What is Brown's motive for entering the forest in "Young Goodman Brown" and what does he expect to find?

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In "Young Goodman Brown," the eponymous protagonist heads off into the forest to participate in a kind of strange Satanic ritual that, in his view, represents everything evil and debased. Living as he does in a small Puritan town full of God-fearing people, Brown is clearly keen to...

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step outside the moral boundaries of his strict culture.

But regardless of his motivations for entering the forest, Brown soon finds himself utterly unnerved by what he sees. The presence of so many respectable pillars of society participating in this devilish mass forces him to reconsider his previously high opinions of them. It also makes him realize how sinful he is being in looking for a thrill.

He figures that from now on he will dedicate his life to God, which will entail shunning those local worthies who participated in the Satanic ritual in the woods. Unfortunately, it also entails his turning into a solitary, miserable old man. Because Brown cannot trust anyone, and because no one comes up to the high standards of religious morality he's set for himself, he is all alone in the world.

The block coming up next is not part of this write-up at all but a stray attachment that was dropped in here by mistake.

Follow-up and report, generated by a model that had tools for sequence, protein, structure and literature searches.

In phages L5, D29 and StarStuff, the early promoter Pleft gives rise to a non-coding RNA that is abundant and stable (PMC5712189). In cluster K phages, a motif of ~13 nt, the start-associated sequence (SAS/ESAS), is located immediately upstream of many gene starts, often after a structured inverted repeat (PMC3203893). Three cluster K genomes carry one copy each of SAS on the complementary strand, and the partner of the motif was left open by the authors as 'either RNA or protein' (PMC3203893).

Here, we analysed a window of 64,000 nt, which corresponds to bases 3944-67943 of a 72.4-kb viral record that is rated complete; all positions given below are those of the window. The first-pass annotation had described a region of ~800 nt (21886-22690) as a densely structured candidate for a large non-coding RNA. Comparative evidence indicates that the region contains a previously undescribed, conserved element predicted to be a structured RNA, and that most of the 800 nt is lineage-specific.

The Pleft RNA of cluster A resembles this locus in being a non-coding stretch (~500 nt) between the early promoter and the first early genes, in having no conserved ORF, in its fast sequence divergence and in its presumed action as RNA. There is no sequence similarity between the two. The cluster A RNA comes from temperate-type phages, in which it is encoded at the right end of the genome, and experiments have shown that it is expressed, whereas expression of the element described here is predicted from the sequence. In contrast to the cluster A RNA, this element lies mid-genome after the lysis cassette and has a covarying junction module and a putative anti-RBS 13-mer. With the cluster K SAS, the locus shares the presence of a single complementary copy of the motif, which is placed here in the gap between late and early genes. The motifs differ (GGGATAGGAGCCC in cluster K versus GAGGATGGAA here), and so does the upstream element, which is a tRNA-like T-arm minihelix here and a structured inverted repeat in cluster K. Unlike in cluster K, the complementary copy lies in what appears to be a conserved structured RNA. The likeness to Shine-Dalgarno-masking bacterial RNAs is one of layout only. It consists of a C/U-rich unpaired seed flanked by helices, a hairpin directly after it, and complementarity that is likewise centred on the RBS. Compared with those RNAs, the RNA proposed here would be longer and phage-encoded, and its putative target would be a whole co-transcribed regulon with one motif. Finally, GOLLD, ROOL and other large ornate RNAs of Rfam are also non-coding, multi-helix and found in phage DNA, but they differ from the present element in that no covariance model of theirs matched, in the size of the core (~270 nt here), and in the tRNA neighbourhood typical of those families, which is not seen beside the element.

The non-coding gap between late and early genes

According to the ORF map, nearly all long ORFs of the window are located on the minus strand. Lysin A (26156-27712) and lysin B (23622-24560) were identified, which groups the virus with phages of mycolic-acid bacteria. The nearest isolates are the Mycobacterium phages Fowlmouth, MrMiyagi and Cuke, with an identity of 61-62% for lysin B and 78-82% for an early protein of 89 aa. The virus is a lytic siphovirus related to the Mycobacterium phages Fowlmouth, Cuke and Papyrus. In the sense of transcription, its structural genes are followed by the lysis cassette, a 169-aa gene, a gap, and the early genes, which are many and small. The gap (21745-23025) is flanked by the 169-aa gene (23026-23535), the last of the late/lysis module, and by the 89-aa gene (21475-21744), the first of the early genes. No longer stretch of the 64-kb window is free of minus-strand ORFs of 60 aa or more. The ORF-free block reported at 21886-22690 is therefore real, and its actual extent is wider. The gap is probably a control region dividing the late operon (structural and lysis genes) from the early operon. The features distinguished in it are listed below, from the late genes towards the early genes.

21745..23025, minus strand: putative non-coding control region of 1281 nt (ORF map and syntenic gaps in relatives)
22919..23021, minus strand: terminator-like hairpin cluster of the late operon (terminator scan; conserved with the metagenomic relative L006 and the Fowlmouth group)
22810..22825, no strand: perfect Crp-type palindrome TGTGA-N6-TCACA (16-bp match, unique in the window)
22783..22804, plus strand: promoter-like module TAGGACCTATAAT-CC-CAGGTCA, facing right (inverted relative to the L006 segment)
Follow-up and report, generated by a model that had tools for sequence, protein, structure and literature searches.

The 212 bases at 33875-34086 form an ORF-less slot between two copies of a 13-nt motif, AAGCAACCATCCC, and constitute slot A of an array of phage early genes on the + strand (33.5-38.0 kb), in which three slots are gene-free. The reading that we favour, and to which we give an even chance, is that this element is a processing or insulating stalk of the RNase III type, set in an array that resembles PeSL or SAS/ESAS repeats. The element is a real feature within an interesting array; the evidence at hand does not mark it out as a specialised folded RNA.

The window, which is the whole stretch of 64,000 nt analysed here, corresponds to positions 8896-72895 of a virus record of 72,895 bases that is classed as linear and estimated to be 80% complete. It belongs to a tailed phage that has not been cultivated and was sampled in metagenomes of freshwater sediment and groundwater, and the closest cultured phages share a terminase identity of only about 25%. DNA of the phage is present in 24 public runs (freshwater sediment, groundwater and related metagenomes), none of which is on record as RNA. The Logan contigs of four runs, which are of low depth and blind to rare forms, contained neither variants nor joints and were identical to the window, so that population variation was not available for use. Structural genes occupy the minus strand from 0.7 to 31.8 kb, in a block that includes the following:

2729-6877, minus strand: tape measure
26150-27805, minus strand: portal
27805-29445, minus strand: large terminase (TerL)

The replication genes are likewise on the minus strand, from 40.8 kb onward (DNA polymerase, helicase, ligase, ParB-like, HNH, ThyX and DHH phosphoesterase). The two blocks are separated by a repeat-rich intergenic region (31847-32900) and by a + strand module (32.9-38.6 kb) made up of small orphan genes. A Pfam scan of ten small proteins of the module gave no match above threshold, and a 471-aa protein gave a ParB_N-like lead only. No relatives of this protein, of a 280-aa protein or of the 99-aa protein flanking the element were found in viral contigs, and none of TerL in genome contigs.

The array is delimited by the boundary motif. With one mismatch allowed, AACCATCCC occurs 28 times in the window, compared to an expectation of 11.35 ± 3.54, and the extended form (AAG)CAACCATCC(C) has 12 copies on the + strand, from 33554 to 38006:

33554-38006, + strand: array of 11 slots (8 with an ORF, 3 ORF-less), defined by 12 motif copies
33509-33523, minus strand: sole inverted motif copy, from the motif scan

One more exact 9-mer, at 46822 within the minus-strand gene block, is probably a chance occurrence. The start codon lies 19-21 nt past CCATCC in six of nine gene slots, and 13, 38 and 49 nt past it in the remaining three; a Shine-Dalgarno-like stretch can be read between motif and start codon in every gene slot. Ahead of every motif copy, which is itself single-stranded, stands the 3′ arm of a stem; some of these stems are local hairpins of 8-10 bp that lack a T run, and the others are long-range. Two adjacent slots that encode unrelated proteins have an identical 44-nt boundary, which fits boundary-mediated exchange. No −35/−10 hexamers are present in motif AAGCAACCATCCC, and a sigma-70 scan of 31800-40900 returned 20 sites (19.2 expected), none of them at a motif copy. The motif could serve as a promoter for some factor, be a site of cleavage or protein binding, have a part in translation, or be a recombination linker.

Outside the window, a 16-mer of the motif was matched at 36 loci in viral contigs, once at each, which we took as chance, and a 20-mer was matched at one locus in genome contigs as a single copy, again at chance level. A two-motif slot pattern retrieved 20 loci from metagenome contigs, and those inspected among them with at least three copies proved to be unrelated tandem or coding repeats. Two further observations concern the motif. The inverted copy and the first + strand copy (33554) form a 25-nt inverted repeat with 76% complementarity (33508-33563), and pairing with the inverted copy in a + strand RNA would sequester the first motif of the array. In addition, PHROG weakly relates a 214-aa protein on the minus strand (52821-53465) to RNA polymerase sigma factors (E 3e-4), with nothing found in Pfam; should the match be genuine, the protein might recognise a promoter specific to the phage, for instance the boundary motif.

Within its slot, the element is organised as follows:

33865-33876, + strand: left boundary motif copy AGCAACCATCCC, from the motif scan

One cannot help thinking this is a just punishment for Brown's great hypocrisy. After all, he too went into the forest on a "present evil purpose." So it's arguably fitting that he should suffer for his own double standards.

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Young Goodman Brown's purpose is to go just one time on what he repeatedly calls an "evil" or "wicked" mission in the woods to participate in a Satanic ritual or "witch-meeting."